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Data: Datastream, Worldscope, DB Global Research; Chart: Axios Visuals

The number of so-called zombie companies is spiking and could soon represent more than one in five U.S. firms, thanks to the coronavirus pandemic.

What it means: "Zombies" are firms whose debt servicing costs are higher than their profits but are kept alive by relentless borrowing.

What they're saying: "This is a macroeconomic problem because zombie firms are less productive, and their existence lowers investment in and employment at more productive firms," Deutsche Bank Securities chief economist Torsten Sløk said in a note to clients Thursday.

  • "In short, one side effect of central banks keeping rates low for a long time is that it keeps more unproductive firms alive, which ultimately lowers the long-run growth rate of the economy."

What's next: "This trend ... is likely to continue going forward given the Fed’s commitment to keeping rates low and the ongoing support from the Fed to credit markets."

Go deeper: Corporate debt issuance has already topped $1 trillion in 2020

Go deeper

Sep 22, 2020 - World

Study: China's economic policies directly harmed U.S. industries

Illustration: Eniola Odetunde/Axios

China's economic planning and targeted subsidies have increased the competitiveness of Chinese firms in the global economy to the direct detriment of U.S. industry, an academic study has found.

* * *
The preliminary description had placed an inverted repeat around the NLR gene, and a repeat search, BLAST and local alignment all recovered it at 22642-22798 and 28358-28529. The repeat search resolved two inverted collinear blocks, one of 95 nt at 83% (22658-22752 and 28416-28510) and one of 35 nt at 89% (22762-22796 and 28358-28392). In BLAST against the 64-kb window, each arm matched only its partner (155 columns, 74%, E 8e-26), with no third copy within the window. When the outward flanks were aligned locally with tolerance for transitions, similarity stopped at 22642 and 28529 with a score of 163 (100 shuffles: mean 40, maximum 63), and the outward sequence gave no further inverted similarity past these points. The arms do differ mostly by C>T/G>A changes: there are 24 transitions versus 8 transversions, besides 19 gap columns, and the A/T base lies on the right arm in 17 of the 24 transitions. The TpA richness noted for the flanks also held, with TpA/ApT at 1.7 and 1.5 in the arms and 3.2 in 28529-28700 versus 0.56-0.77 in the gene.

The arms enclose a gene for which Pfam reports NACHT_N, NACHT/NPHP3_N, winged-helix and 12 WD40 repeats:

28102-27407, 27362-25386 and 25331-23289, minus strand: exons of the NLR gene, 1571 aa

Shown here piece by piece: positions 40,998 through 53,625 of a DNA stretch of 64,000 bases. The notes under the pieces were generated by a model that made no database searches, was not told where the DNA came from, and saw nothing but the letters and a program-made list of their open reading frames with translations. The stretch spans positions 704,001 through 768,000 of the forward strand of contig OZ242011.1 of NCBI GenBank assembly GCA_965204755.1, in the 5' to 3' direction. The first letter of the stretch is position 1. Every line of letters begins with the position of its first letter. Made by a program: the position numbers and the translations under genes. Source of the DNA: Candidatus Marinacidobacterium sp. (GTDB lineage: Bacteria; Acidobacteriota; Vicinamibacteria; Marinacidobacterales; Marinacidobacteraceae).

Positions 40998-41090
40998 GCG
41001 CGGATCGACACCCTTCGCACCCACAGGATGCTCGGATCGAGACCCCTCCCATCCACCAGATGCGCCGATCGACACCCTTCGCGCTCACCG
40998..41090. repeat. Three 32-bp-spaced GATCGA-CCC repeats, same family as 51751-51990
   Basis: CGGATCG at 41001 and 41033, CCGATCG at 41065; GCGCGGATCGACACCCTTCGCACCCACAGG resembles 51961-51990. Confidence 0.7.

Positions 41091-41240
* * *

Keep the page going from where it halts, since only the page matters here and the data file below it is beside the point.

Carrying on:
Why it matters: When it comes to American industries and workers, the rise of Chinese industrial policy hasn’t been a win-win — researchers found for every 100 factories opened in China, 12.5 U.S. factories in the same industry closed.

Mike Allen, author of AM
2 hours ago - Politics & Policy

Biden adviser Cedric Richmond sees first-term progress on reparations

Illustration: "Axios on HBO"

White House senior adviser Cedric Richmond told "Axios on HBO" that it's "doable" for President Biden to make first-term progress on breaking down barriers for people of color, while Congress studies reparations for slavery.

Why it matters: Biden said on the campaign trail that he supports creation of a commission to study and develop proposals for reparations — direct payments for African-Americans.

Cyber CEO: Next war will hit regular Americans online

Any future real-world conflict between the United States and an adversary like China or Russia will have direct impacts on regular Americans because of the risk of cyber attack, Kevin Mandia, CEO of cybersecurity company FireEye, tells "Axios on HBO."

What they're saying: "The next conflict where the gloves come off in cyber, the American citizen will be dragged into it, whether they want to be or not. Period."